Teaching Profession

What’s Happening to Teacher Stress Levels

By Madeline Will — June 21, 2023 5 min read
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Teachers are feeling happier at work than in previous years—but they’re still nearly twice as likely as other working adults to experience frequent job-related stress.

That’s according to the RAND Corp., a nonpartisan research organization that took the pulse of a nationally representative sample of teachers in January. The survey found that, while teachers’ stress levels have rebounded since the start of the pandemic, the job still carries significant challenges. About a quarter of teachers said they were likely to leave their job at the end of this current school year, though it remains to be seen how many actually will.

Among the teachers who want to leave, 70 percent said it was because the stresses and disappointments of teaching were not worth it.

Nearly half of the teachers said their top source of job-related stress was managing student behavior, which past surveys have indicated has worsened since the pandemic-related school shutdowns. In fact, 26 percent of teachers reported that they feared for their physical safety at school, mostly because their students misbehave or have verbal altercations.

The survey results come from a sample of 1,439 teachers, as well as 527 working adults. Black and Hispanic teachers were oversampled in the survey. This was the third year in a row that RAND researchers have conducted a similar survey of teachers.

Black teachers in particular were significantly more likely to report burnout than white teachers and were also more likely to say they intended to leave their jobs by the end of the 2022-23 school year.

“This is something that is very concerning to us,” said Elizabeth Steiner, a policy researcher at the RAND Corp. and an author of the report. The data, she said, is “a pattern that plays out in real life. Black teachers do turn over [and] leave their jobs at higher rates than white teachers.”

Seventy-two percent of Black teachers who were considering leaving said that a low salary was a top reason, compared with 57 percent of white teachers.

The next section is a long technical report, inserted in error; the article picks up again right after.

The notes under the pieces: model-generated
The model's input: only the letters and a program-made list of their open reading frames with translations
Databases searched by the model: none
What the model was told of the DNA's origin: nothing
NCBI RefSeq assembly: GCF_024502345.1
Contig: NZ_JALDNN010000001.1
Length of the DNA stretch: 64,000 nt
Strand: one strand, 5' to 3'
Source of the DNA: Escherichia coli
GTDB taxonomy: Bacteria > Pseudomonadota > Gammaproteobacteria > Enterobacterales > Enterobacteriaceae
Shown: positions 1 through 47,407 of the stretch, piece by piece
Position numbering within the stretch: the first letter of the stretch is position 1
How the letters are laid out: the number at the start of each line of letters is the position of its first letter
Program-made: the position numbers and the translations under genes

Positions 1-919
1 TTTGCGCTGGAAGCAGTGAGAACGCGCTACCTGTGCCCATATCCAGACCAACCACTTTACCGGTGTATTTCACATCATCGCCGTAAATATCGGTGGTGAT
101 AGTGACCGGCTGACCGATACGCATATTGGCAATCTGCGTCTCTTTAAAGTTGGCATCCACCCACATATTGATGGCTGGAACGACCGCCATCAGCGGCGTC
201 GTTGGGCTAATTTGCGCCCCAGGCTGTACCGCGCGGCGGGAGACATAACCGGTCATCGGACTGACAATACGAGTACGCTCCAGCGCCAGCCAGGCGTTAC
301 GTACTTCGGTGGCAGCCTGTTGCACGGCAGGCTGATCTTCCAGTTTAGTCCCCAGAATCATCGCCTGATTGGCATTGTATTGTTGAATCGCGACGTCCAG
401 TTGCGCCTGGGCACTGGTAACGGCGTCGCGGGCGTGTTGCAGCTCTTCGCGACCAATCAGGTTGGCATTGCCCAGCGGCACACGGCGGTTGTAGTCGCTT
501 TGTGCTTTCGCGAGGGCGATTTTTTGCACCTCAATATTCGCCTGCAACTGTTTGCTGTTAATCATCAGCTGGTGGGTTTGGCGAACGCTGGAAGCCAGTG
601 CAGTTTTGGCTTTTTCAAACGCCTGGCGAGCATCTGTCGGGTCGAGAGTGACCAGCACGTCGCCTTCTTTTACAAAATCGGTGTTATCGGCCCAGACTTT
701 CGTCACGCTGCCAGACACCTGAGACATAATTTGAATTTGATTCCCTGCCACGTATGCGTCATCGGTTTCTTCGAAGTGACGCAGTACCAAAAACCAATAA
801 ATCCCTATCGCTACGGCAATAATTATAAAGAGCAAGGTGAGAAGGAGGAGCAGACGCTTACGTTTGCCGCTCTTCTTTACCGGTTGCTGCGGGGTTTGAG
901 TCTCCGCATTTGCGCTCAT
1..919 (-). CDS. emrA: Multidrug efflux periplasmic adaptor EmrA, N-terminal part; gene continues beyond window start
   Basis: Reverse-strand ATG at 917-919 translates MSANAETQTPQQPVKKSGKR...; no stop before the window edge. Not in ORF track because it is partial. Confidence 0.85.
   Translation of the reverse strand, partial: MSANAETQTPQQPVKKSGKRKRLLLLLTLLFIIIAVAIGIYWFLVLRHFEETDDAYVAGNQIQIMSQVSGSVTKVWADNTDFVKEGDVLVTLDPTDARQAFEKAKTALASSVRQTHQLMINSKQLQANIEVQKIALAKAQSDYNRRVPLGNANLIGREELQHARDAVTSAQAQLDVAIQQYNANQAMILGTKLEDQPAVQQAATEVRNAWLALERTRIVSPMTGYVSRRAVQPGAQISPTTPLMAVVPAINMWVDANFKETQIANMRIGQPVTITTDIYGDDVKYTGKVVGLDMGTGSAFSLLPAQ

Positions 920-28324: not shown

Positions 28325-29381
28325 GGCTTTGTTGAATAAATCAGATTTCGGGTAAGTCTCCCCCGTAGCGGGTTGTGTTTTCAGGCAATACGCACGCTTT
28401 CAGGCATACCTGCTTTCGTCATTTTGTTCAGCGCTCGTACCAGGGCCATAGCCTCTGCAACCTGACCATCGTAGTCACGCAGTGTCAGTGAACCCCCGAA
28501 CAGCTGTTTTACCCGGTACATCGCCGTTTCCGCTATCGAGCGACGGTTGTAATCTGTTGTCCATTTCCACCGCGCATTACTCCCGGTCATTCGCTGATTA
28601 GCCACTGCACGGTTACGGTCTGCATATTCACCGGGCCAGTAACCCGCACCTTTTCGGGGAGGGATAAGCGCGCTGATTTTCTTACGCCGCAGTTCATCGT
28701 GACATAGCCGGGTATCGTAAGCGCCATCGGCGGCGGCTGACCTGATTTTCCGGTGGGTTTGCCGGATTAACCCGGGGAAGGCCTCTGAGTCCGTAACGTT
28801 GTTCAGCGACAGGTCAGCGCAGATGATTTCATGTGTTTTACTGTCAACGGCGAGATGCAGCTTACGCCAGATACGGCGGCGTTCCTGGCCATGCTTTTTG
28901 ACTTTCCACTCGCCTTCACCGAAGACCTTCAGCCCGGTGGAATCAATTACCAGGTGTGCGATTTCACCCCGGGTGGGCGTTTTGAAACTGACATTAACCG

“Black teachers might have different financial considerations or pressures than teachers of other races and ethnicities,” Steiner said, citing student loan debt, which past research shows disproportionately falls on Black educators.

Also, she said, a similar survey from the RAND Corp. conducted last year found that more than a third of teachers of color experienced an incident of racial discrimination on the job last year. Those incidents included being held to a different set of standards and expectations than their peers because of their race or ethnicity; experiencing verbal or nonverbal microaggressions at school; and having people act as though they were uncomfortable approaching them because of their race.

The teaching profession is 80 percent white, and Black teachers make up just 6 percent of the workforce.

Well-being indicators show some improvement

The RAND results echo what an EdWeek Research Center and Winston School of Education and Social Policy at Merrimack College survey found in January, too: Teacher job satisfaction levels have increased this year, but they’re still down from a decade ago.

See also

Amber Nichols, a teacher at Eastwood Elementary School in Morgantosn, W. Va., leads her class in a lesson on May 11, 2023.